Assistant Professor Atieh Moridi Selected for NSF CAREER Award

Atieh Moridi

Atieh Moridi, assistant professor in the Sibley School of Mechanical and Aerospace Engineering, was selected for the National Science Foundation (NSF) CAREER Award.

According to NSF, the Faculty Early Career Development (CAREER) Program is its most prestigious award in support of early-career faculty who have the potential to serve as academic role models in research and education and to lead advances in the mission of their department or organization.

Moridi’s research interests lie in the areas of advanced materials and manufacturing. She exploits the intrinsic properties as well as flexibility of additive manufacturing to synthesize novel high-performance materials. 

Additive manufacturing of metallic materials, also known as 3D printing, has seen tremendous growth recently. The unique capabilities of metal additive manufacturing have the potential to transform production, particularly in the fields of aerospace, automotive, defense, and medicine.

With the new NSF grant provided by the NSF CAREER Award, Moridi and her group will use time-resolved X-ray diffraction and imaging techniques at the Cornell High Energy Synchrotron Source (CHESS) for a detailed study of the powder fed, Direct Energy Deposition (DED) process. In this process, parts are created by melting and fusing powder particles that are fed into the path of a laser heat source. 

Moridi Group at CHESS


Moridi’s goal is to overcome long-lasting limitations of additive manufacturing through understanding the dynamics of the DED process by looking below the surface of the material.  Specifically, they aim to characterize the dynamic phenomena that often leads to unwanted phase transformations and grain structures, residual stresses, and porosities caused by the extreme heating and cooling rates during additive manufacturing.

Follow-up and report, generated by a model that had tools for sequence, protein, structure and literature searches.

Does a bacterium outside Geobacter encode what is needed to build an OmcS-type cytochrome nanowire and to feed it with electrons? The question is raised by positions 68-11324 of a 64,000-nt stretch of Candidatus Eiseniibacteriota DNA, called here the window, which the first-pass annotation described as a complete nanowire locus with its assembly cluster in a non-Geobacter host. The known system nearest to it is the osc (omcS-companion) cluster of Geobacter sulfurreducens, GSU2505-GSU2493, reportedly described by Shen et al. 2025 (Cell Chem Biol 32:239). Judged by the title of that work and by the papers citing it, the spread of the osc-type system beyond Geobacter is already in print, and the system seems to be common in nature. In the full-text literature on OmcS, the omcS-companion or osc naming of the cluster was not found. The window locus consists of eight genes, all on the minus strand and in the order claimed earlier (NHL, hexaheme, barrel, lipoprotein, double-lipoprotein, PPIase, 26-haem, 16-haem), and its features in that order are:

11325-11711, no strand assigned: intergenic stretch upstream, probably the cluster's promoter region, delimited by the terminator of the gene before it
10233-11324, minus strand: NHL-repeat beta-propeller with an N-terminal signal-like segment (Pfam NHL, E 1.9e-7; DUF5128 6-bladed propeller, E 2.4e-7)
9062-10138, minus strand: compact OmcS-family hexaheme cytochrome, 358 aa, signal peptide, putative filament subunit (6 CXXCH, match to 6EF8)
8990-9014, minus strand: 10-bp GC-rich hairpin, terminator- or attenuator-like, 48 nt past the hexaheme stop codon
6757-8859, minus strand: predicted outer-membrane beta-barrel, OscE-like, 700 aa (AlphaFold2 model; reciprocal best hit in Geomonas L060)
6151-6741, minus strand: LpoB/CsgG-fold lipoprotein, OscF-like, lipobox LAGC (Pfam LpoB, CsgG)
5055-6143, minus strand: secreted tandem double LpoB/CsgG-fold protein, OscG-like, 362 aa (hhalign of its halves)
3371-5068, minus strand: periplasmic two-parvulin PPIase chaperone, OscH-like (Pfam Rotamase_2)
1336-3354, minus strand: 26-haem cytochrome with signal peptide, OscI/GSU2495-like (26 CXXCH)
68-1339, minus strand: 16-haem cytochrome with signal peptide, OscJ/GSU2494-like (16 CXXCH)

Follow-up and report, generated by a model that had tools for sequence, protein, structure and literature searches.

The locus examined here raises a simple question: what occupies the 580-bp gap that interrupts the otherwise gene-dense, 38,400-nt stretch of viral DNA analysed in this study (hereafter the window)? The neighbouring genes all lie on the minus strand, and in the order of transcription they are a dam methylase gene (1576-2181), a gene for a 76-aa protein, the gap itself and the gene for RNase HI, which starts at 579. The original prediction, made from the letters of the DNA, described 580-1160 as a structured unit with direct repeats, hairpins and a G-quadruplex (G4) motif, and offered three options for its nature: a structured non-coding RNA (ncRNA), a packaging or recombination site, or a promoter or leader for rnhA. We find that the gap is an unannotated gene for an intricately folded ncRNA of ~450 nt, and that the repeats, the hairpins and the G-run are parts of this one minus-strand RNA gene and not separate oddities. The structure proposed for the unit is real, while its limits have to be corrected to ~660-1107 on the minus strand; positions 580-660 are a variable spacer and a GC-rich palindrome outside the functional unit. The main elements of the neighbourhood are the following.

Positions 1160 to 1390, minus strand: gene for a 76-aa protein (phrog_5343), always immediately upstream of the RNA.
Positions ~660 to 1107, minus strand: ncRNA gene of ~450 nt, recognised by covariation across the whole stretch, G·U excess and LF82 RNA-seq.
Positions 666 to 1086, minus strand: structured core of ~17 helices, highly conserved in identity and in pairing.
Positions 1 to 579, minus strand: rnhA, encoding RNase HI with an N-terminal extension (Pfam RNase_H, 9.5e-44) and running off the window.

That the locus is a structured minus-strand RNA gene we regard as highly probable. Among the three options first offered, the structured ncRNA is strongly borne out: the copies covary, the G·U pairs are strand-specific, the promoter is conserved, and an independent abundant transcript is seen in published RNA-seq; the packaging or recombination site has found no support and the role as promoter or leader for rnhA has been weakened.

The combination of the time-resolved X-ray diffraction and X-ray imaging is a powerful technique to understand the fundamental physics of phase transformation, particle flow, fluid flow, and heat transfer in additive manufacturing. To enable these experiments, the Moridi Group designed a custom-built DED system that closely mimics the physics of the process.

Prior to joining the faculty of the Sibley School in 2019, Moridi was a postdoctoral fellow at Massachusetts Institute of Technology. She received her Ph.D. from Politecnico di Milano, Italy where she was awarded Ph.D. Cum Laude, the highest institute honors.

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